SEC’s Piwowar Calls FSOC ‘Vast Left-Wing Conspiracy’Max Abelson and Zachary Tracer
The U.S. Securities and Exchange Commission’s Michael Piwowar called an umbrella group of financial regulators a “vast left-wing conspiracy to hinder capital formation.”
The Financial Stability Oversight Council’s initials really stand for “Firing Squad on Capitalism,” Piwowar, 46, said yesterday in a speech at the American Enterprise Institute in Washington. He called the FSOC “The Bully Pulpit of Failed Prudential Regulators” and “The Dodd-Frank Politburo,” adding that his opinions are his own and that the pejoratives are “entirely accurate.”
The 2010 Dodd-Frank Act created the FSOC to prevent another financial crisis. The law enabled the council, which includes the U.S. Treasury secretary and Federal Reserve chair, to designate firms “systemically important” if their failure could endanger financial stability. Piwowar, one of five SEC commissioners, called the FSOC secretive and a threat to his agency’s power in a January speech.
The American Enterprise Institute, which calls itself a promoter of limited government and free enterprise, titled the event “Can Committees Create Financial Stability?” Piwowar, a former chief Republican economist for the Senate Banking Committee, spoke after U.S. Representative Scott Garrett, a New Jersey Republican.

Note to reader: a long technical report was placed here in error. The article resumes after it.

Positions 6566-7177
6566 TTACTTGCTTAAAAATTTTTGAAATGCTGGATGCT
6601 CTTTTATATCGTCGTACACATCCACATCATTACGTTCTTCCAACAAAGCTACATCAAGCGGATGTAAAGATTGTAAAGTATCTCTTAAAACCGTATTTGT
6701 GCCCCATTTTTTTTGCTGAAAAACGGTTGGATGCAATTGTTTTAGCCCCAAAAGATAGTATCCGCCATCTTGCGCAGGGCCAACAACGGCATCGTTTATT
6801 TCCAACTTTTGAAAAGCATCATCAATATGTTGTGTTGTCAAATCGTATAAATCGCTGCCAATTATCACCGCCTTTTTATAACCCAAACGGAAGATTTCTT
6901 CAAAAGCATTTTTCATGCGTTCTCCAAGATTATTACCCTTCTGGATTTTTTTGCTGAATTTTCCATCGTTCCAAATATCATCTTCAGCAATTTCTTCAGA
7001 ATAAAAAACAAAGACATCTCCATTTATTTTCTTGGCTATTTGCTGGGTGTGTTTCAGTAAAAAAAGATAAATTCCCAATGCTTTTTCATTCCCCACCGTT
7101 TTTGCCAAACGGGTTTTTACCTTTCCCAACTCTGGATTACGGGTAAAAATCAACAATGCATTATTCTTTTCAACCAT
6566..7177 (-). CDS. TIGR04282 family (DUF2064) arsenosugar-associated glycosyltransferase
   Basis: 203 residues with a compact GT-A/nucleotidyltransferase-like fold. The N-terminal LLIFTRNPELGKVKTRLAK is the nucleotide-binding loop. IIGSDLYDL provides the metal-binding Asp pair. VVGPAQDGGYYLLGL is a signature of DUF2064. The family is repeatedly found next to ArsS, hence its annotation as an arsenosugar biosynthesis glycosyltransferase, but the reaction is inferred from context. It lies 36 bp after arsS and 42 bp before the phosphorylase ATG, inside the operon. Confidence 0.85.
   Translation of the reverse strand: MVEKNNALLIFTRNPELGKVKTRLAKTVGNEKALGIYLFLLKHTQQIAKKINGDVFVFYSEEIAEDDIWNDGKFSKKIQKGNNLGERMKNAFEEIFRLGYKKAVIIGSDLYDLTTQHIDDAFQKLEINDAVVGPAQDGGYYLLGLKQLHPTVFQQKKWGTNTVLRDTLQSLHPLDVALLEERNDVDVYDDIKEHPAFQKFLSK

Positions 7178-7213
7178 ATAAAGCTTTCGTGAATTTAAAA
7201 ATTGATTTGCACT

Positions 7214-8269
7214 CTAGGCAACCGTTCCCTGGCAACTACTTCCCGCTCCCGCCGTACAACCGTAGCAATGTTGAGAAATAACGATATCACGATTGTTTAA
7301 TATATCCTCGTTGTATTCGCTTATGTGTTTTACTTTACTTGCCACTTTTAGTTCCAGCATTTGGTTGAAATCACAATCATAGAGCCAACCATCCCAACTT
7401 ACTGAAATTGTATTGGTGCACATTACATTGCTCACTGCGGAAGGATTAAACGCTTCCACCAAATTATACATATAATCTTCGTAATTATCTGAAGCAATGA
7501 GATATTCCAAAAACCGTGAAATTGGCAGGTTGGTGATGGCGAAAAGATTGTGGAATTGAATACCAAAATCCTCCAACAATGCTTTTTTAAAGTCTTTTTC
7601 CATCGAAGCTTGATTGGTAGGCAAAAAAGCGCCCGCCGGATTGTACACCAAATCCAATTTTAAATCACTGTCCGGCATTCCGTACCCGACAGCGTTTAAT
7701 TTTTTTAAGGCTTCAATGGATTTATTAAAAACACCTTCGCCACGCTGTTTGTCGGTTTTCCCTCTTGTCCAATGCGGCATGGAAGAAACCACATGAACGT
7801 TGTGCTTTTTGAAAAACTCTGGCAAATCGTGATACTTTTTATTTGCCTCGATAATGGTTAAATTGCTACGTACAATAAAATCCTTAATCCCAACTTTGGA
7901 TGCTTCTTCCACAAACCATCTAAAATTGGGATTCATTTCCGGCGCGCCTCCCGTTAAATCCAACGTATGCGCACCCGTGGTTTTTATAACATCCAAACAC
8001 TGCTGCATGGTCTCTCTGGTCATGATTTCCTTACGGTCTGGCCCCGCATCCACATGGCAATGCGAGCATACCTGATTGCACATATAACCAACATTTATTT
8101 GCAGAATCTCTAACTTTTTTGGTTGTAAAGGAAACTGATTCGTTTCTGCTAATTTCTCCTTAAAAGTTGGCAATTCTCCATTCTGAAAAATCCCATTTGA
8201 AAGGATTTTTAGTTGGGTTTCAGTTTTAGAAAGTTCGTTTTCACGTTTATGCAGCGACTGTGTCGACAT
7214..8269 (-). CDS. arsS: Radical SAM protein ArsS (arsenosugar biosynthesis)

It’s a contradiction that a firm can submit an approved plan to be wound down without jeopardizing the financial system and “still be designated systemic after that,” Garrett said. The securities and investment industry has been the top contributor to his campaigns, according to the nonpartisan Center for Responsive Politics.
The congressman questioned Fed Vice Chairman Stanley Fischer’s call this month for regulators to add financial stability to their mandates.
“‘Financial stability’ -- that’s a code for regulators to have a complete autonomy and unfettered discretion with no accountability to anyone,” Garrett said.
The Fed can impose stricter capital and liquidity requirements on companies deemed potential risks to the financial system. Some companies reviewed by the council resisted. Prudential Financial Inc., the second-largest U.S. life insurer, said it wasn’t systemically risky before getting that designation. No. 1 MetLife Inc., which is in the final stage of the review process, also said it doesn’t pose a threat.
John P. Davidson, Citigroup Inc.’s chief compliance officer, was featured on a panel that discussed improving the FSOC. The U.S. should strongly consider limiting financial regulation to “two and only two” agencies, one for conduct and one for stability, he said.
Citigroup was the biggest of five U.S. banks to fail the Fed’s annual stress tests this year, preventing the firm from increasing dividends and boosting stock buybacks.
“I will ask you to imagine a much simpler approach to regulating the banking industry than the 848 pages of the Dodd-Frank Act,” said Davidson, who like Piwowar added that his opinions are his own. He ended by quoting a Chinese philosopher’s instruction to “embrace simplicity.”
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